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  1. #14
    Join Date
    Aug 2004
    Location
    Tyler TX
    Posts
    676
    Originally posted by coco
    wow i never thought about such large a/c 's down south we it takes a 4-5000 sq ft house to get 4 or 5 tons of cooling in mn
    Your homes up north are designed for severe temp differences in the winter being the reason yo can cool maybe up to a 3000 sqf home with a 2.5 to 3 ton ac. Just for kicks someday recalculate with wall insulation of r11 and cieling insulation of r19 and see the difference.

    I use the 600sqf per ton for estimating only. All of my homes are manual j calculated before quotes are given. In the Tyler Tx area I have homes of about 1800sqf with 2 to 4 ton systems. most get a 2.5 to 3 ton on new construction and 3.5 and 4 ton on older less well insulated homes
    HVAC Contractor, Tyler Texas.

  2. #15
    Join Date
    Jun 2005
    Posts
    64
    55 years of company experience my boss knows in 10 seconds what size furnace and a/c w/o manual j

  3. #16
    Join Date
    Feb 2002
    Location
    Houston Tx
    Posts
    344
    This question was most likley asked a week ago when our heat index was up around 105*, My own a/c at home would do the same thing, As far as 1800 sq ft per 3 tons is 600 per ton, in new construction here that would be called okay. not exact but close..

  4. #17
    Join Date
    Aug 2004
    Location
    Tyler TX
    Posts
    676
    Originally posted by coco
    55 years of company experience my boss knows in 10 seconds what size furnace and a/c w/o manual j
    After 55 years I bet he would know what will get it done.
    HVAC Contractor, Tyler Texas.

  5. #18
    Join Date
    Mar 2005
    Location
    Louisiana
    Posts
    211
    "As far as 1800 sq ft per 3 tons is 600 per ton"

    I misread, I thought it was 2400sq. ft.

    3 ton is about right.

  6. #19
    Join Date
    Aug 2004
    Location
    Texas
    Posts
    88
    this is only a suggestion, but I have been scratching my head over the same thing for some customers. I finally broke the code. Problem exist especially in the afternoon evening hours hottest part of day. What I found was that the return air grills are mounted in the wall in the hallway. The units are in a closet in the hall. you know mounted up off the floor, plenum going through the ceiling. Underneath is the return air area. Also opened up to the bare 2x4s, you could see the back of the bathtubs from the bathrooms. I am thinking you only want return air from the living area, but in this situation you are pulling return air right down from the attic by way of 2x4 channel. This is by default. So I closed the inside up. Pulling more return from the house and improved the air pressure coming from vents. Boy are those folks happy. They said they actually got cold sleeping last night.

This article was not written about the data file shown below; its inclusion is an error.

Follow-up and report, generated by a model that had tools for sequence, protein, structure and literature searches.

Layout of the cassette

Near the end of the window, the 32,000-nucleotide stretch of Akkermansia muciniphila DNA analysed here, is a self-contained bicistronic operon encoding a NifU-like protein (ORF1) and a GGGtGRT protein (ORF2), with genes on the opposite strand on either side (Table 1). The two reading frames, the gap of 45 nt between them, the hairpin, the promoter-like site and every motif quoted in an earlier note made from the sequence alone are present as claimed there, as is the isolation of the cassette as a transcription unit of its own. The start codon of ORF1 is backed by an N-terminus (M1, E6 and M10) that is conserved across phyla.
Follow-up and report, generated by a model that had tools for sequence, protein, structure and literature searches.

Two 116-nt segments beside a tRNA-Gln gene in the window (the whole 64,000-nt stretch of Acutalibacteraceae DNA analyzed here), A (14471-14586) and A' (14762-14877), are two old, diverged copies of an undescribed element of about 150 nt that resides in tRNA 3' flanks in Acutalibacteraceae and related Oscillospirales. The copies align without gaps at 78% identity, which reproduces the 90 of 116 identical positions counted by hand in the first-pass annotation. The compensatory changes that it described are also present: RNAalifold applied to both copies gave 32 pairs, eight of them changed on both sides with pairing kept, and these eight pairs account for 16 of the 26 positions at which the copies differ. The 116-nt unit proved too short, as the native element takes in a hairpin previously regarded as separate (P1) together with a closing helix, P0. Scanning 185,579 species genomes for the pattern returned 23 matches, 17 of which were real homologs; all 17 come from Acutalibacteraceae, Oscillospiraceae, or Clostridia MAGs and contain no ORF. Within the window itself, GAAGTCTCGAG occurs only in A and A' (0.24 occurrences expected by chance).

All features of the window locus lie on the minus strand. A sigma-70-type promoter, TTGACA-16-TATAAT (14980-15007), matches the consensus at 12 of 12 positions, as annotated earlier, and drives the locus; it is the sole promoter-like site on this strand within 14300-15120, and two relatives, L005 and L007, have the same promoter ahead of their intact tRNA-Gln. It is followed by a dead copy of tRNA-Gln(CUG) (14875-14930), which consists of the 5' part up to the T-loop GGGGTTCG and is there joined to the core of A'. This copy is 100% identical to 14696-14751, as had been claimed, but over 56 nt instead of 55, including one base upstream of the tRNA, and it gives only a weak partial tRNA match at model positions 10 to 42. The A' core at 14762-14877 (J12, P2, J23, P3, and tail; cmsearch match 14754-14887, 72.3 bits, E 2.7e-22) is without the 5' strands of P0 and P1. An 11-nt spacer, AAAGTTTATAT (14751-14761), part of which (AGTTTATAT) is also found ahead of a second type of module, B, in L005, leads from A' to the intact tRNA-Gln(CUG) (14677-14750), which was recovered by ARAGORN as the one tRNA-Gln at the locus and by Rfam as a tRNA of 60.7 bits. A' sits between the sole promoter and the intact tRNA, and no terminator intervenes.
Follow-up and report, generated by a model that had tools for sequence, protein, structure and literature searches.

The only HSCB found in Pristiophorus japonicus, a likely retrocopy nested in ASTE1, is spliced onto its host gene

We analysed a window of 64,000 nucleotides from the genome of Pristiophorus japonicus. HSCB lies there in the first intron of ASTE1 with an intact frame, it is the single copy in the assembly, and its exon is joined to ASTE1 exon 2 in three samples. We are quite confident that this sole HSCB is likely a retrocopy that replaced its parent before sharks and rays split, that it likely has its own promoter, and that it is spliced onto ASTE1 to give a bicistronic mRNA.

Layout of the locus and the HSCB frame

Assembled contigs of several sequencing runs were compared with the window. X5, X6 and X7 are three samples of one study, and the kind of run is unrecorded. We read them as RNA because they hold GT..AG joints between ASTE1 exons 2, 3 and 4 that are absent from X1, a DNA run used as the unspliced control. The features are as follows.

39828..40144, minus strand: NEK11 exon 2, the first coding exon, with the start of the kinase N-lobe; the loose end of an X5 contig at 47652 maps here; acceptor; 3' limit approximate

7. #20
    Join Date
    Mar 2005
    Location
    Louisiana
    Posts
    211

    thanks for the post thewoodman

    I might try the same here at my home because I as many others have a problem cooling my home between 3:00 and 6:00 pm, after that is cools like crazy, I insulated everything I could, I put this unit in when my home was built, even when it was brand new I had the problem, I understand why but explaining to the customers is not that easy to make them understand.

  8. #21
    Join Date
    Nov 2004
    Location
    SW FL
    Posts
    6,323

    Question How BIG is Large

    Originally posted by coco
    wow i never thought about such large a/c 's down south we it takes a 4- 5,000 sq ft house to get 4 or 5 tons of cooling in mn
    FLoridian Architects just LOVE GLASS.

    5,000 S.F. house sometimes has > 1,300 S.F of Glass.
    That's > 5 tons right there.

    Whole house may need total of 10 to 12 tons depending on ceiling height ( upto 14') and house orientation.
    Designer Dan
    It's Not Rocket Science, But It is SCIENCE with "Some Art". ___ ___ K EEP I T S IMPLE & S INCERE

    Define the Building Envelope and Perform a Detailed Load Calc: It's ALL About Windows and Make-up Air Requirements. Know Your Equipment Capabilities

  9. #22
    Join Date
    May 2002
    Location
    Houston Texas
    Posts
    6,326
    It amazes me how every one thinks that they can determine what a house needs sight unseen. What works in Florida or Minnesota will not work in Houston. What works in Dallas or Tyler will not work in Houston. Conversely what works in Houston will not work anywhere else.

    Manual J's and other load calc programs are great but will not provide you with the appropriate design or size system only being in the house and asking questions and running a load calc can do this.

    We have houses here in Houston that are 1800 sq.ft. that require 2.5-tons and some that will require 5-tons. The most common problem I find on systems that are properly sized is airflow issues namely lack of sufficient return air capacity and restrictive supply ductwork including cheap plastic grills.

    The OP stated the system cooled sufficiently 3-years ago and now it doesn't cool as well.

    Well let’s see it is much hotter this summer than the past two summers could be relevant. I have found most of the clown techs in this town couldn't properly charge a system if their lives depend on it. I reduce system charge as often as I find systems undercharged.

    To the OP how many return air grills do you have and where are they located are your supply registers plastic. How old is the house just three years or is that how long you have been there. Sounds like it is older since you have different brands of equipment indoor and out. Also is the evaporator coil a Rheem or is it a Tempstar like the condenser. Does the coil have an expansion valve or is it fixed orifice.



  10. #23
    Join Date
    Aug 2004
    Location
    Texas
    Posts
    88
    hiltontech, good luck

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